Return of The New Thing
June 16, 2007
Last month, Krakow's Alchemia hosted a night of spontaneous improvisations by the Paris-based free- jazz unit, Return of The New Thing. The unique atmosphere of the club, which is located in Krakow's old Jewish quarter of Kazimierz, has been attracting the cream of the free jazz scene over the last few years. For enthusiasts of adventurous music it is a kind of Mecca, where they can rub shoulders with their idols in an intimate, informal setting.
This was the first visit by the Return of The New Thing unit to Poland, but many of the luminaries who appear at Alchemia end up returning again and again. Chicagoan Ken Vandermark almost views the club as a second home and will be returning in the autumn for a whole week of concerts. Only a couple of weeks before this concert, there was a challenging but passionate performance at the same venue by a trio led by New York trumpeter, Herb Robertson, which featured the mercurial Evan Parker playing only his second concert in Krakow and Spanish pianist, Agusti Fernandez.
Against such exalted company, Return of The New Thing had a great deal to live up to, but they certainly impressed during a set that was full of drama and humor. I first heard about the group last year when Marek Winiarski, record producer and owner of Krakow-based Not Two Records, described them to me as one of the most exciting groups on the European circuit. Winiarski books (and often records) the majority of the jazz groups that appear at Alchemia. Despite his obvious passion for free jazz, his pre-concert announcements often tend to be brief and to the point. On Saturday, however, he provided a lot of background information about the band.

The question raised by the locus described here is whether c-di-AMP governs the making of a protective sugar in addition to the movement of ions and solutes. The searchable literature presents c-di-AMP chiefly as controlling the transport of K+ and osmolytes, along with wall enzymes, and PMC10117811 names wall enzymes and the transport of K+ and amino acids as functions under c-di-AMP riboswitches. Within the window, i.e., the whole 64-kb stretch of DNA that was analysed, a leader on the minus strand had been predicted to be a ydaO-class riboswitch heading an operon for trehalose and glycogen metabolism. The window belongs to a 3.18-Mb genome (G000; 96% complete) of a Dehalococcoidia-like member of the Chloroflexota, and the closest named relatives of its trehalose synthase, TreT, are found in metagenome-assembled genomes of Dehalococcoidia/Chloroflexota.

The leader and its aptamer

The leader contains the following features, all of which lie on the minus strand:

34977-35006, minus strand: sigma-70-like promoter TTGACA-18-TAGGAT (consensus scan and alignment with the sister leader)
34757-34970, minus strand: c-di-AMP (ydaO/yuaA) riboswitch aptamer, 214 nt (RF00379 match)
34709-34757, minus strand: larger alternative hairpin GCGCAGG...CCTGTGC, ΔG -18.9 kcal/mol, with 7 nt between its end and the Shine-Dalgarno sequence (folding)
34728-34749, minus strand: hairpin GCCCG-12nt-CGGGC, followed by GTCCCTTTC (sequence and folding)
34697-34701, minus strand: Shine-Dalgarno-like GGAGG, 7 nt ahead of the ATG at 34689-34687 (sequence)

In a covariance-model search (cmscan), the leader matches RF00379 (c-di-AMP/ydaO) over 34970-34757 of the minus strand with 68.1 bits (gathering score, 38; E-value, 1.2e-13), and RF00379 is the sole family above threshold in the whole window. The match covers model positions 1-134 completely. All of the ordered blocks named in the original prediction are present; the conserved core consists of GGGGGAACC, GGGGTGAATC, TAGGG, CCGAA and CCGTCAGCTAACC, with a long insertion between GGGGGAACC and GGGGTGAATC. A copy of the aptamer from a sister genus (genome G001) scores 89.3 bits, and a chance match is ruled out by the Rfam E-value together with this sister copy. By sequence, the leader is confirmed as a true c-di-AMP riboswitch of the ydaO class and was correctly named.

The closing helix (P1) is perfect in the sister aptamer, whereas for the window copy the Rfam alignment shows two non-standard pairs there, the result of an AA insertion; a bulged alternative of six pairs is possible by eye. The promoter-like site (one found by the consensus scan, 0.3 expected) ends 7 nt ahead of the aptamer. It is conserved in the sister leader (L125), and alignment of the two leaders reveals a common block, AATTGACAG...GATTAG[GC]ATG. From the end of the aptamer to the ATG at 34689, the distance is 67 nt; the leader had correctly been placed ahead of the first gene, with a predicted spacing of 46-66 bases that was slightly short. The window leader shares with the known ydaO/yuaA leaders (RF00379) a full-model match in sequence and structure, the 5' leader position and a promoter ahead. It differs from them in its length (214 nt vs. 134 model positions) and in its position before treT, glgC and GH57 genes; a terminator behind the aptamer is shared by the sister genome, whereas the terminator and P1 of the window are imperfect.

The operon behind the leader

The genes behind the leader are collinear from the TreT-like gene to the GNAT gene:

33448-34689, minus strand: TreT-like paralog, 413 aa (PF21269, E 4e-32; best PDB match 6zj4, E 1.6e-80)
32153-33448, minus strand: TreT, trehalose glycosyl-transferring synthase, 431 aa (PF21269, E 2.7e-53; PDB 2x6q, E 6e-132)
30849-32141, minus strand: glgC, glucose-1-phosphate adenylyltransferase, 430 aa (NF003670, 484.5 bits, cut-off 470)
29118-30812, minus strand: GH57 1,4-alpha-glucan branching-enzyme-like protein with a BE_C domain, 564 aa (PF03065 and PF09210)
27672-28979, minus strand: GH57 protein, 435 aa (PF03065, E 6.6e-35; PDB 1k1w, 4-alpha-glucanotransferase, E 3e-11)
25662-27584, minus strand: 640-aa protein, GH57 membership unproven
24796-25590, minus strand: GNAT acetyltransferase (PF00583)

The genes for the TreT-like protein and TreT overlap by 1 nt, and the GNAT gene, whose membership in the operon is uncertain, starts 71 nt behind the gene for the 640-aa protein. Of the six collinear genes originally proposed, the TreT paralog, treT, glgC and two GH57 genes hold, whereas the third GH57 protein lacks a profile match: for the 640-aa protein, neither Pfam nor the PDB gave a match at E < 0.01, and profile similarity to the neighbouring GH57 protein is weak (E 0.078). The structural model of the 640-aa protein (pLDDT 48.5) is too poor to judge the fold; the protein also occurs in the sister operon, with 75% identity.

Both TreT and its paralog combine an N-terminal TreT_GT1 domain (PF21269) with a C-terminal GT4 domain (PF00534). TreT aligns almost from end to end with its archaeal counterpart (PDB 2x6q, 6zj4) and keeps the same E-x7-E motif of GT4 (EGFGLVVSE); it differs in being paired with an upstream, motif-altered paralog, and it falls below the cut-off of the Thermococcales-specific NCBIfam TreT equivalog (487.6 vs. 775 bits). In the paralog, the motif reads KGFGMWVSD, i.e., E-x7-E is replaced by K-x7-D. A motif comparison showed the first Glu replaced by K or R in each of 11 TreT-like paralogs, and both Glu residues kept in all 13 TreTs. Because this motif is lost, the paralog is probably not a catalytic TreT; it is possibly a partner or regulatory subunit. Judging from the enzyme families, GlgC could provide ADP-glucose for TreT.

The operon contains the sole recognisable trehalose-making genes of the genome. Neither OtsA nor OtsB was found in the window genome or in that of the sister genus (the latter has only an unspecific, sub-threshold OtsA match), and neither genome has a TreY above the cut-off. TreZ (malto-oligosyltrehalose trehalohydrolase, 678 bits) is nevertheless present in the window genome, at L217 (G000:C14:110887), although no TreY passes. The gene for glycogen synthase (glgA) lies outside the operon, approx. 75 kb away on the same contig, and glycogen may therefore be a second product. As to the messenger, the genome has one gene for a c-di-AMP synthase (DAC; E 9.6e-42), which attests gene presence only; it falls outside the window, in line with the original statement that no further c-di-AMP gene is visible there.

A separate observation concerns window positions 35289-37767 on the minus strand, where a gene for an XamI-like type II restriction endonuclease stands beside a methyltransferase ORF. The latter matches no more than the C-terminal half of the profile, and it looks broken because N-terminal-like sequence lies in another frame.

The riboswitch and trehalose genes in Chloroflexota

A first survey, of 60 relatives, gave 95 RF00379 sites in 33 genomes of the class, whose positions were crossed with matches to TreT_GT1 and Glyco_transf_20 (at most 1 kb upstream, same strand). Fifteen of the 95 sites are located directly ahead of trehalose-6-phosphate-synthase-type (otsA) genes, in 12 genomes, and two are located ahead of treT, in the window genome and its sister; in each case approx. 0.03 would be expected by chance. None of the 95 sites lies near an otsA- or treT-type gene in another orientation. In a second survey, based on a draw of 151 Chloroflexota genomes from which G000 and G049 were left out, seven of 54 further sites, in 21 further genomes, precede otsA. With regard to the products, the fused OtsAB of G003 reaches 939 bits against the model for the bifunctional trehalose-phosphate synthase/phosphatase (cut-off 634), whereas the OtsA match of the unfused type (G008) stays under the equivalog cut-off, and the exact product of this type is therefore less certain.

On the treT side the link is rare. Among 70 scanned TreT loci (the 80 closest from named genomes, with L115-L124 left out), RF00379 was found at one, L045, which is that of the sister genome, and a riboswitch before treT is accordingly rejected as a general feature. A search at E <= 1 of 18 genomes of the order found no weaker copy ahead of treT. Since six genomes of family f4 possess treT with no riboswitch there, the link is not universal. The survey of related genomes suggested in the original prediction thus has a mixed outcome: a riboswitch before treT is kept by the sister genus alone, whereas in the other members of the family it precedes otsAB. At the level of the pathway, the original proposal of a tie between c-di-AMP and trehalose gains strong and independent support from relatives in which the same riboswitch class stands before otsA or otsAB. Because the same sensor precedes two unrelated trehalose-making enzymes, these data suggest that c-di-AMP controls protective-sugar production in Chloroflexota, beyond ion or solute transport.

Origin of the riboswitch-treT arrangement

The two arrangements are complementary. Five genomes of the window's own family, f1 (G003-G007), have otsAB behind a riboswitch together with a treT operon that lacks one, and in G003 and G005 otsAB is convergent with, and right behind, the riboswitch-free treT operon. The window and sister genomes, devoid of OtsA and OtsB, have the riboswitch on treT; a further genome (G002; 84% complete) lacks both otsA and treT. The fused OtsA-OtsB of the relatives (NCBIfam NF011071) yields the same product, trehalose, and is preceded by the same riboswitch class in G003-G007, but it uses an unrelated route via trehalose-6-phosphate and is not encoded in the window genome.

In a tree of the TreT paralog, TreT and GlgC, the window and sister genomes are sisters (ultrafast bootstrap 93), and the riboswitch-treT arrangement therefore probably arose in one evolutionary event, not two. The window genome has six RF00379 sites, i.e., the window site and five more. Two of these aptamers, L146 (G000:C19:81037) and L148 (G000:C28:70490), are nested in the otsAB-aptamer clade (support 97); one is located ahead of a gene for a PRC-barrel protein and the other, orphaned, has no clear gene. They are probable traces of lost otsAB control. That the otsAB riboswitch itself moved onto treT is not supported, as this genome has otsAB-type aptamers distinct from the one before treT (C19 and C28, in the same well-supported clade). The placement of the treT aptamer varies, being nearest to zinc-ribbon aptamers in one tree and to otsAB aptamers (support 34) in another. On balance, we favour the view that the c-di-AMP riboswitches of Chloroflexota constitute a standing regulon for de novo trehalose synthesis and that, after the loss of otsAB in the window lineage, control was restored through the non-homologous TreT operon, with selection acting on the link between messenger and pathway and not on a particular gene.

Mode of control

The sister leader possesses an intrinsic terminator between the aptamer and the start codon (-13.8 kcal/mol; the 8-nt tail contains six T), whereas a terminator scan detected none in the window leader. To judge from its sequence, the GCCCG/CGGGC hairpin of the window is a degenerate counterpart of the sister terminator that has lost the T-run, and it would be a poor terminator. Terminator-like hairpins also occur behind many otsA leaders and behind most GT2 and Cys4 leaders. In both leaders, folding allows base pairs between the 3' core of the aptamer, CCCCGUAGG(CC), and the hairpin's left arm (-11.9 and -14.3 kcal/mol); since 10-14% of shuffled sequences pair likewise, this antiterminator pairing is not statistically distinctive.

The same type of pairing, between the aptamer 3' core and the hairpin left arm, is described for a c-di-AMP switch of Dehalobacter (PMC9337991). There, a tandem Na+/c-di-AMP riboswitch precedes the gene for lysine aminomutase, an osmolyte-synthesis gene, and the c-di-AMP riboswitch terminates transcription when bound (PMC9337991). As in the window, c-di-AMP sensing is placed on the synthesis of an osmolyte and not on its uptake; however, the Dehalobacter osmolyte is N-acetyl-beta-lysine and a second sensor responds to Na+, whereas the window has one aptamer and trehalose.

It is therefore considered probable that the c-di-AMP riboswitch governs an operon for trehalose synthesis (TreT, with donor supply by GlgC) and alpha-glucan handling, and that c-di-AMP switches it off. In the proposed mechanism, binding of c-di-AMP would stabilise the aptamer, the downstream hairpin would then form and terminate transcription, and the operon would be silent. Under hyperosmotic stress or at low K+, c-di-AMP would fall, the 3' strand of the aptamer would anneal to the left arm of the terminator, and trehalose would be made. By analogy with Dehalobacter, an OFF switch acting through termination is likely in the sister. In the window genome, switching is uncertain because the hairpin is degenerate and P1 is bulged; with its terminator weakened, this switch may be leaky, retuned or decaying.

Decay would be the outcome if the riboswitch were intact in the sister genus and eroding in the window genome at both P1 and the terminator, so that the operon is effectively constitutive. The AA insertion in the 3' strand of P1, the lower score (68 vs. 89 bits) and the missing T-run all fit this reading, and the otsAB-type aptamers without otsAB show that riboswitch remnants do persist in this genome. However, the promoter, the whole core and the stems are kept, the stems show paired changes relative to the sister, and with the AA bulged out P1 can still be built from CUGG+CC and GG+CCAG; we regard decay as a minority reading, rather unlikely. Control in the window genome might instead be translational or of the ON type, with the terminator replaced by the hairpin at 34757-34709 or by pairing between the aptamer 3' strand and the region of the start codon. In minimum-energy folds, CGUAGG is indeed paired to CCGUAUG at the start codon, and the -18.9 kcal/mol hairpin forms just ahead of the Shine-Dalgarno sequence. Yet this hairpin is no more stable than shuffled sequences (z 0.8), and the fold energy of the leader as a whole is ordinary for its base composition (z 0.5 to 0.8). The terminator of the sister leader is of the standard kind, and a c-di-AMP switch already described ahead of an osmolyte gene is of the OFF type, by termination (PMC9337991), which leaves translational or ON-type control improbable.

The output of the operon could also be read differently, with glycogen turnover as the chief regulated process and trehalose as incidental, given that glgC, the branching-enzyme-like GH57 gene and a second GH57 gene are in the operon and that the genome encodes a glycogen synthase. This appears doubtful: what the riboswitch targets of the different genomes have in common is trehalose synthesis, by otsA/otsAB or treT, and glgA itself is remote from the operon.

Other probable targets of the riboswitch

Return of The Thing are English pianist and violinist, Dan Warburton, and three Frenchmen: alto saxophonist, Jean-Luc Guionnet, bassist, Francois Fuchs and percussionist, Edward Perraud. One of the most interesting things about the group is that none of the members come from a pure jazz background. Warburton is a classical composer who collaborated with Steve Reich in New York while serving as a Harkness Fellow. Guionnet studied electro-acoustics theory and is actively involved in experimental film and theater. Perraud is possibly best known for his work with the experimental rock outfit, Shub Niggurath, and Francois Fuchs has worked with Quinte & Sens, an eclectic band whose influences include klezmer music and African rhythms.
The first eponymous album was the result of a 1999 live studio session. Amazingly, this was only the second time the group had played together as a unit. The recording was meant only to be a demo, but they played so well with each other, despite their different musical backgrounds, that it was released by Leo Records. Since then, they have released two additional critically-acclaimed recordings, Traque (Ayler Records, 2003) and Crescendo (Not Two Records, 2005).
The leader of the band, Dan Warburton, kindly agreed to meet me between the first two sets. Considering the intensity of the first set, he was surprisingly relaxed and explained to me that the name of the band was intentionally provocative and in fact hadn't sat at all well with everybody in the band when he had first suggested that they adopt it. He considers it ironic that "four white European males" should be "referencing" a controversial and heavily politicized music created primarily by black Americans almost 50 years ago.